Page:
If you don't own Scratch, Kaela's last CD, you should buy it. The album is just full of great songs in a bunch of different styles from beginning to end. The problem is some of the best songs on the CD don't really translate live (most are slow, lush songs that are slowed even further on stage), and these are the songs jammed together in the middle of the DVD. "Snowdome", "Wani to Kotori", "Dolphin" and "Sweetie" are the biggest offenders. The DVD ain't called Live Scratch for nothing, though - she plays through pretty much the entire album, with only highlights from her previous two included. That's okay, though - Scratch really is her best, and she's included most of the top stuff from her other two (including her best known songs in the west, "Rirura Riruha" - aka "Real Life Real Heart" - and "Happiness").

You really could just buy this DVD as an initial introduction to her music. Most of her songs - with exceptions noted above - sound better live than they do on the albums. "Beat", "Circle", "Tree Climbers", the list goes on - all stronger as live performances than they are recorded. A big part of it is just her voice, which is held back a bit on the albums, but let loose on stage. She may be tiny, but she can belt. (And yeah, she really plays guitar.)

Before the last song of the encore, as she's thanking the band, her mom and all the people that helped her out, she cries uncontrollably. Not crocodile tears, either; I'm talking waterworks, can't even get a word out kind of stuff. I've never seen anything like this at a concert before, and it runs completely counter to the image I've always had of her. She's never pictured with anything but that big smile on her face, and she's always completely cool and usually somewhat distant in interviews. She manages to get through the final song, but she skips a few lines - it's obvious that she's still completely choked up. It's really pretty endearing. (The screenshot below is the best I could get - I didn't want to show a shot of her face all curled up in a sob!)

The DVD itself is anamorphic widescreen, though the picture quality is strangely grainy. You get used to it, especially with as much going on visually as there is. It is a region-protected disc, which still makes no sense to me - are they really planning to sell this in region 1 someday? I doubt it, so why the region coding? In addition to the live show, there's a making-of section showing some of her rehearsals leading up to the moment of the show's start - interesting because of how self-admittedly nervous she is. As usual for behind the scenes stuff, this footage is 4:3.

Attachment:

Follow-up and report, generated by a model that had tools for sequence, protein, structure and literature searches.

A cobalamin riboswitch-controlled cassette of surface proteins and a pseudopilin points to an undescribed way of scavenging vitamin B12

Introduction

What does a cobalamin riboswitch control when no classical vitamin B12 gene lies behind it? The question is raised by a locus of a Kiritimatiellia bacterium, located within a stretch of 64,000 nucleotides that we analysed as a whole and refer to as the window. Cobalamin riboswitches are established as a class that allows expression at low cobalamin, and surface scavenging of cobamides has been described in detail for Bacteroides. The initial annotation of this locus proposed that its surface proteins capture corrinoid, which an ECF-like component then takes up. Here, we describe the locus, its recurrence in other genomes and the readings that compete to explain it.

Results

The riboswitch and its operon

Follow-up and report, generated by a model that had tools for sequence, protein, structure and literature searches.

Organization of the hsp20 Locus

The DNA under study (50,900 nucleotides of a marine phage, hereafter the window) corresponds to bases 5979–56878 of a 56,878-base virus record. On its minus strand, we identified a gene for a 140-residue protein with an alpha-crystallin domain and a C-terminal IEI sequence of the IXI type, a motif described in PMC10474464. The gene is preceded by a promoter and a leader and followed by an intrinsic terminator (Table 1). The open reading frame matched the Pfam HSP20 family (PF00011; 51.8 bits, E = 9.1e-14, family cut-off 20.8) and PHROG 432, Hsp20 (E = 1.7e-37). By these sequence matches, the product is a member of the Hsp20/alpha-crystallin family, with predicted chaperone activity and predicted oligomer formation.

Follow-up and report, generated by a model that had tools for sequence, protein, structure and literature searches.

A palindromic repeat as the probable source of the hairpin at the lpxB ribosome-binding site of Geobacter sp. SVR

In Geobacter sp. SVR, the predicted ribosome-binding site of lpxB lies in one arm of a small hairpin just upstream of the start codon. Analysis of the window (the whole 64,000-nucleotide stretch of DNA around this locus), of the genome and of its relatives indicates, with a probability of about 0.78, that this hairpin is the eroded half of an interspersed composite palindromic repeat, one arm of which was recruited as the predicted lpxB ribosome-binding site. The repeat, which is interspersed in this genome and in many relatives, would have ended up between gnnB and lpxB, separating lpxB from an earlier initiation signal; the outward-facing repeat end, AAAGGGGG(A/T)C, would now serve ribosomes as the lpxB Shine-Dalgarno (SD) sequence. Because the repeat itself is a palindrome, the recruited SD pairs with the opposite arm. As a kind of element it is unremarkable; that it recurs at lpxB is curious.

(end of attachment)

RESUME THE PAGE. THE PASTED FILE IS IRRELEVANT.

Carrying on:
By the way, for any new fans that want to keep up with what Kaela's up to, she maintains a pretty regular blog, complete with photos. Check it here.


  1. Anonymous5:44 AM

    I too have been swept up by Kaela and am enjoying Live Scratch. I was very impressed by the backing band and did a little inquiring about them. Apparently they all come from other reputable bands/acts in Japan and each are considered tops in their instrument. Several of them have co-written songs with Kaela.

    I asked a guy who runs a fan site and here are the musicians:

    G(R/HAIR-LONG):會田 茂一 あいだ・しげかず Shigekazu Aida
    G (L/HAIR-SHORT):渡邊 忍 わたなべ・しのぶ Shinobu Watanabe
    B:4106 よーいち・おむ Yoichi Omu
    D:柏倉 隆史 かしくら・たかし Takashi kashikura
    K:伊藤 寛 いとう・ひろし Hiroshi Itou

  2. Hey. Just searching the net for Kaela and came across your blog. Nice post. I, too, am a big fan since the "Circle" album. Did ya get the PV collection DVD?

    There's a rip of her latest concert on Youtube. I have it playlisted on my blog:

    Have a look. It's a great concert.


About This Blog

This is increasingly not a blog about Alphabet City, New York. I used to live in the East Village and work on Avenue B, but I no longer do. Why don't I change the name if I'm writing about Japan and video games and guitars? Because New Yorkers are well-rounded people with varied interests, and mine have gone increasingly off the rails over the years. And I don't feel like changing the name. I do still write about New York City sometimes.